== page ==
Tuesday, September 22, 2015

Monks in First Edition:How Do They Do That?!

note: I still have a cold, so serious editing will come later.

  I have already written about 1e monks (here) and I am very fond of them. I have played 3 monks: Ti-Gun (who once solo-killed a t-rex with his +3 hand-axe) who is 13th level, Xing-chao, who is 5th, and Tamsen, who is still 3rd. I recently rolled up another (3d6 in order) so I will play him, too, someday.
  Now, monks are rare. If you roll 3d6 in order (as Gary intended) you get monk stats about 1 in every 2,500 rolls. Of course, that means 1 in 2.500 potential player characters. If you look at the 1e DMG you'll see that only 1 in 100 potential henchmen is a monk, implying that only 1 out of every 100,000 NPCs is an adventuring monk (which I also talk about, indirectly, here). I calculate that my main 1e setting (which has a monk's holding, which I will talk about later) has about 7-8 wandering NPC monks.
 
  But how can monks do the things they do? Get a better armor class, do a lot of damage with their bare hands, do more damage, eventually a LOT more damage, with weapons, etc?
  While the story goes that the monk was originally based of the main character in the Destroyer series I am sure we can all agree it has as much to do with the Hong Kong movie explosion of the 1970's.
  BTW, if you get a chance to read the Destroyer series, take it - they are hilarious.
  So let's look at some martial arts movies and see if we can figure out just the heck they are doing.

  The most often question I have heard over the years is - why does their armor class keep getting so much better? I mean, my thief is dodging attacks, too!.
  let's look at the first method - dodging. here is a scene from the Jackie Chan classic, Drunken Master;

 The monk/martial artist is doing a lot more than 'just dodging'; he is acting in unpredictable ways to confuse his foes. With simple props and more technique he can also face weapons, as seen in this glip for the Kid with the Golden Arm (skip to about 2:15):

Another great example of 'monk improved armor class vs. weapons' is in this clip from Iron Claws:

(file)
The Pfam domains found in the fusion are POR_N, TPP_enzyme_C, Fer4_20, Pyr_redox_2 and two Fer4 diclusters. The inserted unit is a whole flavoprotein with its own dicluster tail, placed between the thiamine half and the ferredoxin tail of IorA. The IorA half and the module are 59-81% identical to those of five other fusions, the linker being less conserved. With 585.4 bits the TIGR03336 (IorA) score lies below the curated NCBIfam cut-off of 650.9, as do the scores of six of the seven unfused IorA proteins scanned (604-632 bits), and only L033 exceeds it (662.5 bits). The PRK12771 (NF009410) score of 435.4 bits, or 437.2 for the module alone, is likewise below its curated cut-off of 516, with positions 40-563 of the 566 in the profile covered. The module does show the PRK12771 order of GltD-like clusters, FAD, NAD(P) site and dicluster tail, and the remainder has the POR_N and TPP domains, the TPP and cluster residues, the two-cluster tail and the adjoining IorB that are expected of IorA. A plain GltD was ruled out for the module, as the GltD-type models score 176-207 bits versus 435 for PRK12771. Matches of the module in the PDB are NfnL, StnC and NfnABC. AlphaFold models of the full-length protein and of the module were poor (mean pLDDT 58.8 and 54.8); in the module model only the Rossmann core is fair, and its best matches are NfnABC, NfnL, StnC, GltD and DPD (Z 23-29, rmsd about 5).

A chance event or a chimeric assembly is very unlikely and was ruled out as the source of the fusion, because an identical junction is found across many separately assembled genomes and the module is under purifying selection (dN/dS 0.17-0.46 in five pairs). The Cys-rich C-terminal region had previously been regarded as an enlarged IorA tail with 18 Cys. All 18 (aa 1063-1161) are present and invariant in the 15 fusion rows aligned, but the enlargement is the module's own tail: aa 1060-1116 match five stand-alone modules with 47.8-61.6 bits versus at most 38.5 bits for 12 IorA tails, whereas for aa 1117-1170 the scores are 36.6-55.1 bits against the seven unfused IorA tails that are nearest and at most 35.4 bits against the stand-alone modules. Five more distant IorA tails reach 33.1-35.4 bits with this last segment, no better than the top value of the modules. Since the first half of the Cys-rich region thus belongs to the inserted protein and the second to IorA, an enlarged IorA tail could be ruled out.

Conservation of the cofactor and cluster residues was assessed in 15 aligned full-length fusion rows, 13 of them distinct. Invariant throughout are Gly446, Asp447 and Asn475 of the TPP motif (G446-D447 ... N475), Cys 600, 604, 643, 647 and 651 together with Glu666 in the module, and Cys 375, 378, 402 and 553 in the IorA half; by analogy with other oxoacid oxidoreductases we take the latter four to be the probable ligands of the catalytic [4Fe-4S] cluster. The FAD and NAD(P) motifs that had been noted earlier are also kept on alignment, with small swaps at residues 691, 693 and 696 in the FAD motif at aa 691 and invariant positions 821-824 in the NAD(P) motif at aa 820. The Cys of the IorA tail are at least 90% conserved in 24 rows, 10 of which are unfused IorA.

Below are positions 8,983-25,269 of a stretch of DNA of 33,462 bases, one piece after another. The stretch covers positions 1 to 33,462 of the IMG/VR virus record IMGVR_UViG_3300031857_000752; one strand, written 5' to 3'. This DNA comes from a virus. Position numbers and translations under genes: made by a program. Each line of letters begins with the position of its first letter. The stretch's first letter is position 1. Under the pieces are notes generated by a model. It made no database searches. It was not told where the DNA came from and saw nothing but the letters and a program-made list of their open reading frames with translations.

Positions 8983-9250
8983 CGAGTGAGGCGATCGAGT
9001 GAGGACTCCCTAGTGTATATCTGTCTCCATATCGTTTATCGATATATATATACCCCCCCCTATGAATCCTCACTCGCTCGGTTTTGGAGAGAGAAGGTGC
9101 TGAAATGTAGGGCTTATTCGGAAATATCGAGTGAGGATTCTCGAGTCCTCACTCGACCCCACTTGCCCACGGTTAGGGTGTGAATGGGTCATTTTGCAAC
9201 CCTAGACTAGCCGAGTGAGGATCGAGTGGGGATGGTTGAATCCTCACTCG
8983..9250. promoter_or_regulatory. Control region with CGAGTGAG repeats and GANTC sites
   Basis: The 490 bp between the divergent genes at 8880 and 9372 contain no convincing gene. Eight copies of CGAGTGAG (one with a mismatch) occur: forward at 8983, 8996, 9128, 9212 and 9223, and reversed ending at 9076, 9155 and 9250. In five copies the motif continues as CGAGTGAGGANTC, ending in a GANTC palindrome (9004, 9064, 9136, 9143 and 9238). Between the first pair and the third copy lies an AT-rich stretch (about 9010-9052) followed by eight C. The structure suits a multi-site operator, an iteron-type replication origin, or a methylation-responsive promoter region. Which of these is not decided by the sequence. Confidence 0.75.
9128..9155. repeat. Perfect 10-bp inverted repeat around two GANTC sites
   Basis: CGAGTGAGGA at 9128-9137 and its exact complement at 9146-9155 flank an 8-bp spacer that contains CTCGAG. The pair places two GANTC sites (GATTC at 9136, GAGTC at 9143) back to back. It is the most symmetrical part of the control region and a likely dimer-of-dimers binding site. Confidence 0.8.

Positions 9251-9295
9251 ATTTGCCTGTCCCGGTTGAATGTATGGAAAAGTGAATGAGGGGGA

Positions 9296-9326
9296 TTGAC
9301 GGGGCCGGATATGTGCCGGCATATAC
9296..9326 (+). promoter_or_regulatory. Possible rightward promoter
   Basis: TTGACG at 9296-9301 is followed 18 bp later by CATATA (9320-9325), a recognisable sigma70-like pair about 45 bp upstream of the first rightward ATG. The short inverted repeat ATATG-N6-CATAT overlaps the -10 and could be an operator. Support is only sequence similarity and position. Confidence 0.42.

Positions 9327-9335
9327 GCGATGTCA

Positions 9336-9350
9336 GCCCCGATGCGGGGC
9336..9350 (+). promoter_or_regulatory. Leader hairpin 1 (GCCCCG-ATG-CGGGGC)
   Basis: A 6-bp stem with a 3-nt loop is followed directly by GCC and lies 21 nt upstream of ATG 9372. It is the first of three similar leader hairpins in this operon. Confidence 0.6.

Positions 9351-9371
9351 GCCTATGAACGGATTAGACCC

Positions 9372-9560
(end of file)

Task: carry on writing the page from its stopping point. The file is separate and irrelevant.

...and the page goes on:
Or the initial part of this scene from Executioner of Shaolin

  In these cases the monk is able to evade and defeat men using weapons.
  The second part of that clip from Executioners shows the other method monks have of improving their armor class - they just shrug off weapon attacks! An even better example is in this clip from Five Deadly Venoms;

  Right at about 1:00 the monk in yellow (using Toad style) simply ignores a sword strike - the blade does him no harm. In this scene from Crippled  avengers another master of the Iron Shirt (i.e., weapon-proof skin) demonstrates both the ability to shrug off attacks and the weaknesses:



  Back to Five Deadly Venoms we see that once the master of the toad style's vital point is hit he is no longer able to shrug off damage:



  A common trope in the films is a master of a style like toad, iron shirt, etc. who has vital points/vulnerable points where he can be hurt - this is an obvious 'hook' for explaining an improved armor class.

In creased movement is both one of the most underestimated abilities of a monk and one that seems to bother people who talk to me. There is the example from movies like House of Flying Daggers:

  And the ultimate expression is easily Crouching Tiger, Hidden Dragon:


  But the master of 'realistic' moving very fast through heavy terrain and battles is Jackie Chan as you will see in the next few clips:



Perhaps a lot of the speed is simply overcoming/ignoring things that would stop or slow down others, plus pure speed, plus leaping. Lots of leaping:


Which also covers the 'falling from a height' ability, too!

  How about more damage from hand-to-hand attacks? Well, it could be just 'more force: